Chimpanzees and other primate species in Uganda's Kibale National Park are facing a concerning issue as they are being exposed to a mixture of harmful chemicals. A recent study discovered significant levels of pesticides and flame retardants in the feces of four primate species, including chimpanzees and red colobus monkeys, indicating that these pollutants may be affecting their health and development.
The study revealed that female primates and their young were particularly affected by these chemicals. The researchers observed higher levels of stress and reproductive hormones in these animals, implying that the compounds could disrupt their bodily functions and potentially hinder their growth and development.
Tessa Steiniche, the lead author of the study and a Ph.D. student, expressed concern about the impact of endocrine disruption in juvenile primates. Exposure to these chemicals during critical developmental periods can have long-lasting effects on their well-being.
The researchers caution that the chemicals examined in this study may only represent a fraction of the pollutants affecting these primates. They suggest that there are likely more compounds present that could be impacting their health.
The unfortunate reality is that being in a “protected” area does not shield these primates from chemical pollution. Human activities in and around the park, including tourism and research, can introduce potentially harmful chemicals, further exacerbating the issue.
Tessa emphasizes that the study merely scratches the surface in understanding the range of chemicals these primates encounter in their environment.
The study's findings were published in the journal Biology Letters.
The impacts of chemical pollution on wildlife
In recent times, pollution has reached unprecedented levels worldwide, affecting our lives in ways we have yet to fully grasp. One of the most well-understood forms of pollution is chemical pollution, with numerous studies shedding light on its effects at various levels.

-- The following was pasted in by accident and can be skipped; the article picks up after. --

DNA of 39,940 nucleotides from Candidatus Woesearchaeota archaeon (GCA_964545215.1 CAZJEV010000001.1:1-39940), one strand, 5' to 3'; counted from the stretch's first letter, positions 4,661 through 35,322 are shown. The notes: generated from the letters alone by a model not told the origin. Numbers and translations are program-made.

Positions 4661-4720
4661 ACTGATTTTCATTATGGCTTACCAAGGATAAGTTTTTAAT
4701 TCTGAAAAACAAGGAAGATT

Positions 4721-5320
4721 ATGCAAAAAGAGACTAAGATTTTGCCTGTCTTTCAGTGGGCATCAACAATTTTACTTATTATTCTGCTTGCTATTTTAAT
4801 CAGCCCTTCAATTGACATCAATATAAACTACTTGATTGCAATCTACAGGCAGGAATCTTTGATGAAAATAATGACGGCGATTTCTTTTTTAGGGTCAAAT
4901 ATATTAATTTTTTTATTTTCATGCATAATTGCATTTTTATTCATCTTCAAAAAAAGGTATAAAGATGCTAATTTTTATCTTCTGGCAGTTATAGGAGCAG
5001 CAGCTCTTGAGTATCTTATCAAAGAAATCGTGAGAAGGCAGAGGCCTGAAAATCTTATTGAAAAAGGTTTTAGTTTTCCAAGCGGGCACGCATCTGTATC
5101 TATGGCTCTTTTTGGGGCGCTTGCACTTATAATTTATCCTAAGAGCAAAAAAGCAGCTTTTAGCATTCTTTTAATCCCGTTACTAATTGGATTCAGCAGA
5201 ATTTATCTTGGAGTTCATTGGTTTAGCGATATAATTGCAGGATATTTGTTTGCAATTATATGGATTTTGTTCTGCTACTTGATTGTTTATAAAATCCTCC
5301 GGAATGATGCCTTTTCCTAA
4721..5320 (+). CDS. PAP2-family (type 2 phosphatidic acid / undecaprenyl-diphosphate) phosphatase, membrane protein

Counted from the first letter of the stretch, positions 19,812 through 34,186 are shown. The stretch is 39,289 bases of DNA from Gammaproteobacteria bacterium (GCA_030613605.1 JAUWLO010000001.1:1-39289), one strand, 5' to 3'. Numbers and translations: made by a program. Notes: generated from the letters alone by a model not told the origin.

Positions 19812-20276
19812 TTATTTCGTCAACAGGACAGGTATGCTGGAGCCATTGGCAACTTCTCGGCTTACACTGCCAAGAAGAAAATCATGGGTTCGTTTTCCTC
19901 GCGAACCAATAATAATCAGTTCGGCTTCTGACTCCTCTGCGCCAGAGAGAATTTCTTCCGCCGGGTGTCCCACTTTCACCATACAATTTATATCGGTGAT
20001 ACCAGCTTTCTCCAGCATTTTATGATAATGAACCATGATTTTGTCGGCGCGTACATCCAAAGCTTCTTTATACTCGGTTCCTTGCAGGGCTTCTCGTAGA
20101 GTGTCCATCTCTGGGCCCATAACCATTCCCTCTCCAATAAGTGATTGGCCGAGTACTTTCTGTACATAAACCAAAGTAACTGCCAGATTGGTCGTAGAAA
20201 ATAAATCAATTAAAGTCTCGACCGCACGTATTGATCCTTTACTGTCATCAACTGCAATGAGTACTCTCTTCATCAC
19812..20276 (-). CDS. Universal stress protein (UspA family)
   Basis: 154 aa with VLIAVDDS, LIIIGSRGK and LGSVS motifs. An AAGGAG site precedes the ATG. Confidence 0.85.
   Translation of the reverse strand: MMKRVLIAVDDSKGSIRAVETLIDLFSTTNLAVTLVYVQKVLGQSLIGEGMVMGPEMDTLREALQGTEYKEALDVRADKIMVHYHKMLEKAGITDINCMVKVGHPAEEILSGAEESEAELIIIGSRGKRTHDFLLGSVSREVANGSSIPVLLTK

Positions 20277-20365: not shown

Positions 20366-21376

For instance, antibiotics present in water have been found to hinder the growth of algae by limiting their ability to perform photosynthesis.
On the other end of the spectrum, chemicals like polychlorinated biphenyls (PCBs), previously used as coolants, have been observed to impact killer whales. These substances accumulate in the whales' blubber and can interfere with their immune system and reproductive abilities.
However, previous research methods employed to study these effects have had their limitations. Laboratory experiments often fail to account for the impact of chemical mixtures on health, while samples from deceased animals tend to have significantly higher pollutant levels than average.
To overcome these challenges, scientists have turned to biomonitoring techniques in recent years, enabling them to study wild animals in their natural habitats. In the current study, researchers collected fecal samples from four primate species residing in Kibale National Park: chimpanzees, olive baboons, red-tailed monkeys, and Ugandan red colobus monkeys. This approach allowed the scientists to measure not only the levels of pollutants but also the hormones that may be affected by them.
“Fecal biomonitoring offers a valuable approach to toxicology, aligning with the growing focus on animal ethics,” explains Tessa. “Although fecal samples may not be the cleanest matrices to work with, the opportunity to study the impacts of pollution on wild animals without causing harm or manipulation is remarkable.”
How are primates affected by chemical pollutants?
The researchers conducting the study discovered a staggering 97 different pollutants in the fecal samples of the primates. These pollutants were categorized into three main groups: organochlorine pesticides (OCPs), brominated flame retardants (BFRs), and organophosphate esters (OPEs) commonly used in plastic production.
It is suspected that the animals were exposed to these compounds by foraging in farms located near the national park for food, as well as encountering electrical and plastic waste within the forest.
Certain chemicals were found to be particularly prevalent in primate feces, with one specific BFR appearing in over 70% of samples from all four species. Studies on mice have shown that mammals exposed to BFRs at a young age struggle to eliminate the chemical efficiently, suggesting that BFRs may be accumulating in these primates, putting them at a higher risk of more severe health effects.
Younger animals are believed to be more vulnerable, as higher levels of BFRs in juvenile primates were associated with decreased levels of the sex hormone estradiol and increased levels of the stress hormone cortisol.
Although there are relatively few studies on the effects of these chemicals on mammals, they have been linked to issues such as liver damage, reduced hormone production, impaired brain development, and compromised immune systems.
For endangered species like chimpanzees, these findings impose additional challenges on populations already facing significant pressure. The researchers hope that future projects will build upon this study to gain a better understanding of contamination levels in other wildlife species and determine the extent of their impact.
Tessa expresses the team's interest in further investigating the sources of chemical exposure in Kibale and exploring why certain species are more or less susceptible to specific pollutants. Additionally, incorporating social dimensions into research is crucial to empower surrounding communities with the knowledge and resources needed to make informed decisions regarding chemical use and disposal.
Source: Natural History Museum